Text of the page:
In the mid-twentieth century, dance companies began springing up in communities across the United States. Companies became institutions with a profound cultural connection to their homes. Their very identities were of the city itself, with names such as San Francisco Ballet and Pennsylvania Ballet.
The Dancer/Place Project is a collection of figure study photographs that explores this relationship between the artist and where they call their home. Trey McIntyre takes his unique and celebrated eye for the human form beyond the stage and into this second collection of photographs. In 2015, McIntyre is collaborating with dance companies all over the world, shooting in settings that are important to individual communities, examining the vulnerability of the human experience, and how that experience manifests in the places we call home. The book will include a series of essays by McIntyre, giving background and context to these photos as well as insight into process and the nature of creativity.
McIntyre is celebrated for taking apparently separate elements and illuminating the tension that actually lies between them. The chief premise of his work lies in the discovery of the new realities that are created through the process of revealing this tension; creating an alternative narrative to the one a viewer expects to see. Through McIntyre’s unique alignment he reveals to the viewer what is not readily available to the human eye. This has been at the core of his choreography and is now energetically and daringly expressed in this photographic work.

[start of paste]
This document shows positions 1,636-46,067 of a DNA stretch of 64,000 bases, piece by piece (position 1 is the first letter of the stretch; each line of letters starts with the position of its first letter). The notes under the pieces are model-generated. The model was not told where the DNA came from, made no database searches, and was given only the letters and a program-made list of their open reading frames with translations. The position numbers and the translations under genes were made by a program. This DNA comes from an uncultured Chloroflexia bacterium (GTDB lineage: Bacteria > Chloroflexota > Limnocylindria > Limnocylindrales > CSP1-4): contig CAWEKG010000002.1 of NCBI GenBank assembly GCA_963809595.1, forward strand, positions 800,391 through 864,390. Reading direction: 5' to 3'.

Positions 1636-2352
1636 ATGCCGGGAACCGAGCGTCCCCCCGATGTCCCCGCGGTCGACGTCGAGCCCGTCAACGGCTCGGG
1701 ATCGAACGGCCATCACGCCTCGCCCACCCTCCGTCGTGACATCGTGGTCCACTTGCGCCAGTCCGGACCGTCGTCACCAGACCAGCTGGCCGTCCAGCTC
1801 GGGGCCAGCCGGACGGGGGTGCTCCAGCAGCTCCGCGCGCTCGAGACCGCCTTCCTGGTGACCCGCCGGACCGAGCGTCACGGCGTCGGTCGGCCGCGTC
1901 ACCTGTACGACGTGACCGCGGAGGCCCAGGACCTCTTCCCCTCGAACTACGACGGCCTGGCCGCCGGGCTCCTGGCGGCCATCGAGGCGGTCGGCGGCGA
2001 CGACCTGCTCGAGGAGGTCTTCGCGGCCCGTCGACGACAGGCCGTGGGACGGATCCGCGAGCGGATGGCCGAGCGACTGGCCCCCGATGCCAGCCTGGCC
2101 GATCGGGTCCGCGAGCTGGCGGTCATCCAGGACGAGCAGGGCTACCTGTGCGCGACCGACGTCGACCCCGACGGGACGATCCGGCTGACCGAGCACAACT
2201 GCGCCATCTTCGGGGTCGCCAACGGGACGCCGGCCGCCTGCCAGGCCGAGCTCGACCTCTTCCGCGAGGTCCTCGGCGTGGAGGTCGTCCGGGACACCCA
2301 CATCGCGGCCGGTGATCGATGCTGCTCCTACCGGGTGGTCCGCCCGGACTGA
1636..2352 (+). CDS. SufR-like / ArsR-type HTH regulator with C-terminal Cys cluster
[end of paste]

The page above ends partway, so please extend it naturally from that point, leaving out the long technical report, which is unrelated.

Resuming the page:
The first collaboration in this project was with Malpaso Dance Company in Havana, Cuba. Trey and the dancers shot in some of the crumbling buildings around the city, contrasting the human form with the stunning architecture as it disintegrated and returned to nature.
From the photographer…
This project began when TMP used to do summer residencies in Northern Florida at a wild animal preserve/dance conservatory called White Oak Plantation. The St. Mary’s river divides the property and the water is black with tannins. I discovered while we were messing around in it one day that flesh tones under the water will ombre from the palest yellow, to the deepest red and brown, before fading into black. We spent about three years figuring out the water technique using a Farmer’s Almanac and swimming technique to get images of dancers floating just below and above the surface. You can see some examples below or click on this gallery if you want to see more: Refract
I am currently finishing up the layout for this new collection and am compiling them into a book as mentioned recently in The New York Times. Projected release date is summer 2017.